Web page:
Ms Deborah Johnson
The following allegation was considered by a Panel of the Conduct and Competence Committee at the substantive hearing on 12-13 January 2017 and 20-21 April 2017.
Whilst registered as a Social Worker and employed by Hull City Council, you:
1. Made mileage claims for journeys to Newton Aycliffe, County Durham, claiming to visit a service user, which were not undertaken on:
a. 13 August 2014;
b. 18 September 2014;
c. 8 October 2014;
d. 11 November 2014;
e. 11 December 2014;
f. 11 February 2015.
2. The matters described at particular 1 were dishonest.
3. The described at particulars 1 and 2 constitute misconduct.
4. By reason of your misconduct your fitness to practise is currently impaired.
1. There were no preliminary matters. The Registrant was not present but was represented by Mr Ciaran Galvin who confirmed that he had full instructions from her and her permission to proceed in her absence.
2. The Registrant is a registered Social Worker. The Registrant commenced employment with Hull City Council ('the Council') as a Grade 7, newly qualified Social Worker. Her role included travelling to meet with service users and their families. The Registrant was entitled to submit mileage claims to cover the cost of fuel when carrying her duties out on behalf of the Council.
3. In March 2015, GS, who was the person responsible for authorising the Registrant's mileage claims, noticed that the Registrant had submitted a claim for a journey to Newton Aycliffe, where there is a secure children's unit. GS was aware that the Registrant no longer needed to travel to Newton Aycliffe as the service user who had been located at the secure unit had been transferred elsewhere. GS asked the Registrant to amend the claim. GS subsequently checked the previous mileage claims that the Registrant had made and discovered that the Registrant had made claims for six journeys to Newton Aycliffe that she had no professional need to make. The Registrant, when questioned, stated that she had made a mistake in relation to these claims.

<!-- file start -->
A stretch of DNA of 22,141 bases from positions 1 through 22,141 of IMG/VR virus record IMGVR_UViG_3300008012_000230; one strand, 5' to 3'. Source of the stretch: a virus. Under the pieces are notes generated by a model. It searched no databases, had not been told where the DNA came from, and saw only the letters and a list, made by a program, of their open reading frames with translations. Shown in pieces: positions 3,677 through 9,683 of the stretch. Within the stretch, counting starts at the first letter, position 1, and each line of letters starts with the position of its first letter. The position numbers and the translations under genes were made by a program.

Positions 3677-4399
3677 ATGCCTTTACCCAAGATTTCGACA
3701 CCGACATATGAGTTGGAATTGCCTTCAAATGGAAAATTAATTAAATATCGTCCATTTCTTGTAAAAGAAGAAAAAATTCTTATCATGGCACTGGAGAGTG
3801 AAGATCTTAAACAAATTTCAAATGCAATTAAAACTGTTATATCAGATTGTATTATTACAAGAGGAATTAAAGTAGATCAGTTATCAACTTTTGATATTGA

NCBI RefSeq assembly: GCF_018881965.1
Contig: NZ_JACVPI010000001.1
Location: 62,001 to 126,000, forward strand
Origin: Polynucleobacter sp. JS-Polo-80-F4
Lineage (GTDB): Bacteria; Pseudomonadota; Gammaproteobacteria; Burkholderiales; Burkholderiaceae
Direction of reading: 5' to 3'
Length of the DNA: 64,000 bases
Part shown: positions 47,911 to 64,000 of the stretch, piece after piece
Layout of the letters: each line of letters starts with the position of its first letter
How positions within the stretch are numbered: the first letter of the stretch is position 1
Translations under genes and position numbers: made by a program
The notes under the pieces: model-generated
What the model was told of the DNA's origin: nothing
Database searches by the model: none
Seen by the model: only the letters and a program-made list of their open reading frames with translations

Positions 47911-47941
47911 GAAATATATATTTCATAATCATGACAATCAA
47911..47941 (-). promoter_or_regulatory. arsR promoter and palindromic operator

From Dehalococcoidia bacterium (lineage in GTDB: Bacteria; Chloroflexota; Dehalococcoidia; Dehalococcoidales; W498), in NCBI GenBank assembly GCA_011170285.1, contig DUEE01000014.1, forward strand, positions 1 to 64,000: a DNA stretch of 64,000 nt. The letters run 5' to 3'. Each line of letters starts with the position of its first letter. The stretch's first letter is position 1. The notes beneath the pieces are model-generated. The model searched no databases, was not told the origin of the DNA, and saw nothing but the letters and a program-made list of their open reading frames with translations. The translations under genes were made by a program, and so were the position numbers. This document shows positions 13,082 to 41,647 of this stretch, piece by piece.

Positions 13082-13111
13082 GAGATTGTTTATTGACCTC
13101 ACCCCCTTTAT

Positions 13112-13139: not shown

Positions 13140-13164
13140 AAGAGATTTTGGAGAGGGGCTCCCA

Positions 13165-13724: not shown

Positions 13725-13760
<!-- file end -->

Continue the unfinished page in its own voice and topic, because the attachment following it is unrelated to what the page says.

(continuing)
4. A formal investigation was undertaken on behalf of the Council. The Registrant was subsequently reported to the HCPC.
5. A final hearing was held by the HCPC on 12 and 13 January 2017 and 20 and 21 April 2017. The panel at the final hearing found the facts proved and they amounted to misconduct. It found the Registrant’s fitness to practise to be impaired and imposed a Suspension order for 6 months. This is the first substantive review of that order.
6. At the outset of this hearing a letter from the Registrant dated 25 August 2017 was produced. In it she said that she was referring herself to the HCPC for serious concerns relating to recruitment irregularities from East Riding of Yorkshire Council where she had been employed as a Care Coordinator within the Adult Safeguarding Team. She had failed to disclose to her new employer her previous employment with Hull City Council or that she had been subject to an HCPC final hearing which resulted in Suspension Order being imposed. She attended an investigation meeting of Yorkshire Council on 15 August 2017 following which, she resigned with immediate effect. This resignation was accepted. The Registrant concluded the letter by saying that she accepted it was time to end her career as a Social Worker and would like the HCPC to remove her name from the Register.
7. Mr Thompson for the HCPC detailed the background. He submitted that on all of the evidence before the Panel the Registrant’s fitness to practise remained impaired. He reminded the Panel of its powers and referred to the HCPC’s Indicative Sanctions Policy.
8. Mr Galvin for the Registrant submitted that in all of the circumstances the Registrant accepted that her fitness to practise remained impaired. He further submitted that a sanction would be required and it should remain as a sanction of Suspension. Although there had also been a recent self-referral which may lead to fitness to practise proceedings, the matter had not yet gone before the Investigation Committee.
9. The Panel considered all of the material before it including her reflections dated 28 08 17 and her self referral letter and attached reflection dated 25 08 17. The Panel also considered the advice given by the Legal Assessor. It first considered whether the Registrant’s fitness to practise is currently impaired. In making this decision the Panel noted the HCPTS’s practise note ‘finding that fitness to practise is impaired’.
10. The Panel considered the two component parts relating to impairment, the ‘personal component and the ‘public’ component.
11. It first considered the ‘personal component, whether the conduct was remediable, whether it had been remedied and whether it was likely to be repeated.